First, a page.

Is my product a Medical Device? – Knowing the difference

Is my product a Medical Device? – Knowing the difference

product a medical device

This is an exciting time to be a part of the healthcare innovation sector. It’s advancement, in today’s time, is more than ever before. Many medical devices and consumer healthcare products are making their way into the market. In contrast to the typical consumer healthcare products, like ear buds, nutrition bars, and oral hygiene products; several sophisticated and high-tech consumer products (like Fitbit) are now being introduced. Due to their advanced features and offerings, some consumer products might inadvertently fall under the category of a medical device, which is regulated by different regulatory bodies in different countries, and by the FDA in the US. Typically, any product that treats, diagnoses, cures, mitigates, prevents disease, or affects the body’s structure or function can be classified as a medical device. The FDA gives a detailed definition for a medical device which can be referred to here- Definition.

More often than not, there is an explicit distinction between a consumer product and a medical device, however, in some cases, the distinction is implicit. In the long run, it is always better to have a clear idea about your product type.

Let’s take a few examples here to understand the difference:

  • A pill dispenser, which dispenses pills to a patient, could be mistaken as a consumer healthcare product, but it in fact is a medical device because it releases medication at specified times and intends to improve patient medication compliance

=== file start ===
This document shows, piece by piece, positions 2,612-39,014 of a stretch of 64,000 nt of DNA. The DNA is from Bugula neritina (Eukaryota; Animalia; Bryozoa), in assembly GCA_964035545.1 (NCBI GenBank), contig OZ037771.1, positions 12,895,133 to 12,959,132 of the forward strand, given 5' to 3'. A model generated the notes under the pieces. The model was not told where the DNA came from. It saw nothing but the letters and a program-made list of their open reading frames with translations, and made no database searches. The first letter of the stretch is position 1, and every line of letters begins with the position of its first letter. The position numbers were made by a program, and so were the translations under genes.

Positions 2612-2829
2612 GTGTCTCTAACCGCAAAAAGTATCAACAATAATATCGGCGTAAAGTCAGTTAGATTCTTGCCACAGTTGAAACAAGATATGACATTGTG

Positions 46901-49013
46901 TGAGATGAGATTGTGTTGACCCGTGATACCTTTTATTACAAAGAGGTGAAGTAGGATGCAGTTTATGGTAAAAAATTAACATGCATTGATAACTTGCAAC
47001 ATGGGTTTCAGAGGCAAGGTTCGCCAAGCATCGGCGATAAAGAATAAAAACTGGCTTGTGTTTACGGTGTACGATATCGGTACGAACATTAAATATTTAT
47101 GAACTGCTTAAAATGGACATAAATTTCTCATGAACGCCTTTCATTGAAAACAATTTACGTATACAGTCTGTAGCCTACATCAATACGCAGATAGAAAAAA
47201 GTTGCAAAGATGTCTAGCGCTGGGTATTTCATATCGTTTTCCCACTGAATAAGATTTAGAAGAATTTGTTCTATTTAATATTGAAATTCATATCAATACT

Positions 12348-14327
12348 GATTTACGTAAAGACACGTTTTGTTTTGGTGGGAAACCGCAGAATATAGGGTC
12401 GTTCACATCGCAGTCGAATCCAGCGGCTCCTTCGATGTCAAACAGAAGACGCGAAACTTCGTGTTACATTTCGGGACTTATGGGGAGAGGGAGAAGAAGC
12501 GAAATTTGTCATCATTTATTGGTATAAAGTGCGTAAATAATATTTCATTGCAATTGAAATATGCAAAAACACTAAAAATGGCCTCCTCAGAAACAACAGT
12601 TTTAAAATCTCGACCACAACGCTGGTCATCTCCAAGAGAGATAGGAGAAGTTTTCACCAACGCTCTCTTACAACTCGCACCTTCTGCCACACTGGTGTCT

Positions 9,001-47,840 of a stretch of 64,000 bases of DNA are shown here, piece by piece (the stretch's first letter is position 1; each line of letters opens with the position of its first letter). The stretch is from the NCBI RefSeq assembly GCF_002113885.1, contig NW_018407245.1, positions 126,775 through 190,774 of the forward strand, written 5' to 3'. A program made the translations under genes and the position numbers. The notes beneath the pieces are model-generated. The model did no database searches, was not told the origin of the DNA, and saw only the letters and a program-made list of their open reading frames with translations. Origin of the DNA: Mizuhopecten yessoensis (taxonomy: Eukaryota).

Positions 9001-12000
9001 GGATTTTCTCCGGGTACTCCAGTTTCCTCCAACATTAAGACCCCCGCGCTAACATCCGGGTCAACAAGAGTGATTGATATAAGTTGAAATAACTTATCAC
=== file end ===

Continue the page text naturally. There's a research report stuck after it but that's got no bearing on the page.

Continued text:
• A fitness tracker that simply tracks physical activity level and informs about the calories burned, steps are taken, etc, is not a medical device as long as claims that the device is intended to manage a patient’s condition, treat a disease, or provide information that enables the user in making health-related decisions, are not made
  • A software accessory that wirelessly collects, records, and transmits biometric data (including blood pressure, weight, activity level, and pulse oximeter readings) from a variety of home-monitoring devices (including fitness bands) to healthcare professionals for analysis, is definitely a medical device, as the data will assist in self-management of health condition, or for determining the need of medical intervention

If you are developing a healthcare product and are not sure if it is a medical device or consumer product, the following flowcharts will help:

Another way of determining is:

In addition to the above steps, whether or not a product comes under the consumer product or medical device category, has a lot to do with the risks posed by the product, implicit and explicit claims made for the product, and target user, use cases and settings.

After following the above two methods, if you are still unsure about how to classify your device, then we are here to assist you. At Elexes we do a regulatory application, so that you can hear directly from the FDA, whether or not your device is a medical device.

If your product is determined to be a consumer product, it can be sold to consumers right away. However, if it is determined to be a medical device, you might want to do a “Request for information” to identify the product’s class and type of submission (510(k), PMA or De Novo), and then proceed with the respective application and the corresponding testing to submit to the FDA and get a marketing approval.

Making this determination sooner rather than later, will save you a lot of time, money, and not mention, headache, in the long run. So pause and ask yourself, “Is my product a medical device?”

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